Numerous studies of the Jewish ghetto in Venice have examined its architectural form, its place in Venetian social and political life, and the daily goings-on within its walls. In The Jewish Ghetto and the Visual Imagination of Early Modern Venice, Dana E. Katz demonstrates that the segregation of Jews, a tactic designed to reduce their visibility, in fact made their presence more prominent physically and symbolically. Vital to the Venetian economy, Jewish merchants, moneylenders, and physicians were permitted by the government to reside in parishes throughout Venice. In 1516, however, the Venetian Senate decreed that all Jewish residents move behind the walls of the Ghetto Nuovo in Cannaregio — a site surrounded by canals in the northern reaches of Venice, and far removed from the city’s economic and political centers. Senate legislation further stipulated that Christian guards maintain constant surveillance inside the ghetto and along the water, and lock the wall’s gates from sunset to sunrise.
Drawing on theories of spatial and societal practice by Michel Foucault, Michel de Certeau, and Henri Lefebvre, and on investigations into social control and urban space by Marvin Trachtenberg and Renzo Dubboni, Katz examines the impact of this new urban form of subjugation and ostracism — the first such enclosure in Italy — upon both Christians and Jews. Grounded in current visual culture theories, wherein sight and the motion of the eye inform the comprehension of space, Katz supports her analysis with archival documents.
Structured thematically in four chapters, Katz begins by comparing the Venetian ghetto’s peripheral location — “a physical embodiment of the diasporic condition” — with the central siting of ghettos in Florence and Rome. Paradoxically, as the ghetto buildings rose as high as nine stories to accommodate overcrowding, the ethnic enclosure assumed an outsized prominence on the Venetian skyline. As a further affront to Christian observers, the district’s pronounced verticality created an exalted platform for Jews to view the city, resulting in a ”reciprocity of gazes.” To prevent this disquieting “ocular contact,” in 1560 the Venetian Board of Trade required that Jews barricade all windows, balconies, and doors overlooking the canals.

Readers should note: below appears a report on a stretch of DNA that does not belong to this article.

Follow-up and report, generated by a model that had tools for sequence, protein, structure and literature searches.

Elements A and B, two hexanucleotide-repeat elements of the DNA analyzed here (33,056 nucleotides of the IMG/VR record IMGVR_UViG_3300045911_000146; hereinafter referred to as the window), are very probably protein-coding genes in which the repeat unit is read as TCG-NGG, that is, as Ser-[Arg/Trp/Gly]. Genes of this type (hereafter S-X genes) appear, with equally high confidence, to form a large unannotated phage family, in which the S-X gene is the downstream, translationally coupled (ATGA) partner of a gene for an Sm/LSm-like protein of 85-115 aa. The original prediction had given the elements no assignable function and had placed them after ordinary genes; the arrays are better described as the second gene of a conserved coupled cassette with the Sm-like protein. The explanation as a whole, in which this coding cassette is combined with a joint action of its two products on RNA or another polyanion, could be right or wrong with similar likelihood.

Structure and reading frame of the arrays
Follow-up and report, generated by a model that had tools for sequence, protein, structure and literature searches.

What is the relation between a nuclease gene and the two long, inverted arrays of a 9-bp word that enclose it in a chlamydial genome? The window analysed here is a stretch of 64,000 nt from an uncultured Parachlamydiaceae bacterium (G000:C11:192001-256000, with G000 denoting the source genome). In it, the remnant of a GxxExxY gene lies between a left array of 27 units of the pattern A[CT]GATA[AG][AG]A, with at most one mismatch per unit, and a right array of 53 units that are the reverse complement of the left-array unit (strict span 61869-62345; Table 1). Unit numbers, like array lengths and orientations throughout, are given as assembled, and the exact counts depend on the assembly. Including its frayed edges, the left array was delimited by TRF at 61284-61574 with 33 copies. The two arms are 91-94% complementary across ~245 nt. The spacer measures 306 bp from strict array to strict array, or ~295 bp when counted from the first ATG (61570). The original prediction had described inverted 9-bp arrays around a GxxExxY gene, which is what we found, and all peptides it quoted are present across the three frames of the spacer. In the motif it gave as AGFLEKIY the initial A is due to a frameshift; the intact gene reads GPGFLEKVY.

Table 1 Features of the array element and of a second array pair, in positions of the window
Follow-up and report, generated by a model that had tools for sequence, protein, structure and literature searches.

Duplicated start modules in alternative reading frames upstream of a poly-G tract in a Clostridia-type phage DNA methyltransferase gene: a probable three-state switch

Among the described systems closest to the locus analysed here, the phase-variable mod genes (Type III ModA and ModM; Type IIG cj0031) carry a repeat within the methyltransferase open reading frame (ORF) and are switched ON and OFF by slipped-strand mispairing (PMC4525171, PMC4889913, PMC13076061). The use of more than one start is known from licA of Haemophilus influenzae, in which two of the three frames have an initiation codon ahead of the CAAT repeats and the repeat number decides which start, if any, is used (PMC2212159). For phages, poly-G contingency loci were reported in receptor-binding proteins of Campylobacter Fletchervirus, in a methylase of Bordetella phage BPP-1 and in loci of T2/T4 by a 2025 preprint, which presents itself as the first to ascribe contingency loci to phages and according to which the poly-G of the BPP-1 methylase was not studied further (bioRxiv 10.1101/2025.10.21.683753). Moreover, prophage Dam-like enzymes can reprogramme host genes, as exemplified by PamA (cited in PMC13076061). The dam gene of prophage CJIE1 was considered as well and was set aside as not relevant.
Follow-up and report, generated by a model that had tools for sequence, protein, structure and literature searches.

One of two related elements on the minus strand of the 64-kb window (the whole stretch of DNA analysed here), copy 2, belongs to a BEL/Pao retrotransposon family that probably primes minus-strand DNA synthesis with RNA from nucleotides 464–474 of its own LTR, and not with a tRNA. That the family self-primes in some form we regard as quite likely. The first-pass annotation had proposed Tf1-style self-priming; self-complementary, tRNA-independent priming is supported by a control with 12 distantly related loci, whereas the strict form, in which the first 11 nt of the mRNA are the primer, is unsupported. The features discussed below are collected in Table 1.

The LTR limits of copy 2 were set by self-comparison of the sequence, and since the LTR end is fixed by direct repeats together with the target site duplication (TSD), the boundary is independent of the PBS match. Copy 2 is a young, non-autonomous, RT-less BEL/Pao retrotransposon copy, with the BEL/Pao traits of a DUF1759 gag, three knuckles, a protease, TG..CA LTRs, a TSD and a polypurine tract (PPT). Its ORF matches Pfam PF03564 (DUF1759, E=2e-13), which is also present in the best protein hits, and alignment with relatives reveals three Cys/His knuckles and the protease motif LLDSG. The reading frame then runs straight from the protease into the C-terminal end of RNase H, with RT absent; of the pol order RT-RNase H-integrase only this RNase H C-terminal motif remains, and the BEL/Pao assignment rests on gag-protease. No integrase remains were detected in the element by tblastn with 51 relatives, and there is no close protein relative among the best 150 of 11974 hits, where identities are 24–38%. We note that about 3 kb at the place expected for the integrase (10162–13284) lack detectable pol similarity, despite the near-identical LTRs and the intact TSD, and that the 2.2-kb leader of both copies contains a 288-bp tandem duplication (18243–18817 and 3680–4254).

Katz next examines the ghetto’s enclosure, differentiating ghettoization from convent life. Nuns, she writes, experienced a similar form of visual segregation in order to nurture spirituality. Following the same mandatory “optical seclusion” imposed on the Jews, authorities segregated the many other ethnic groups residing in Venice, including Turks, Germans, Greeks, Albanians, Dalmatians and Armenians. Examining interfaith interactions from the perspective of ghetto windows, Katz outlines how the very act of looking out a window was a state-sanctioned privilege denied the Jews in Venice, where “only … complete fenestral blindness could assure social order.” Another fundamental aspect of enforced Jewish isolation was to prevent interfaith touching and sexual relations. Katz argues that, in another paradox, the opaque walls provoked a tactile desire for forbidden movement.
Katz does not take us into the ghetto, but probes its edges, openings, and strictures within the Venetian urban environment. While this meticulously researched study is intended for the academic scholar, Katz provides intriguing new insights for the scholar and lay reader alike — from analysis of Jews’ tensions with their Christian hosts, to comparisons with other European ghettos and ethnic restrictions, offering ways of viewing early modern Venice “through ghetto eyes.”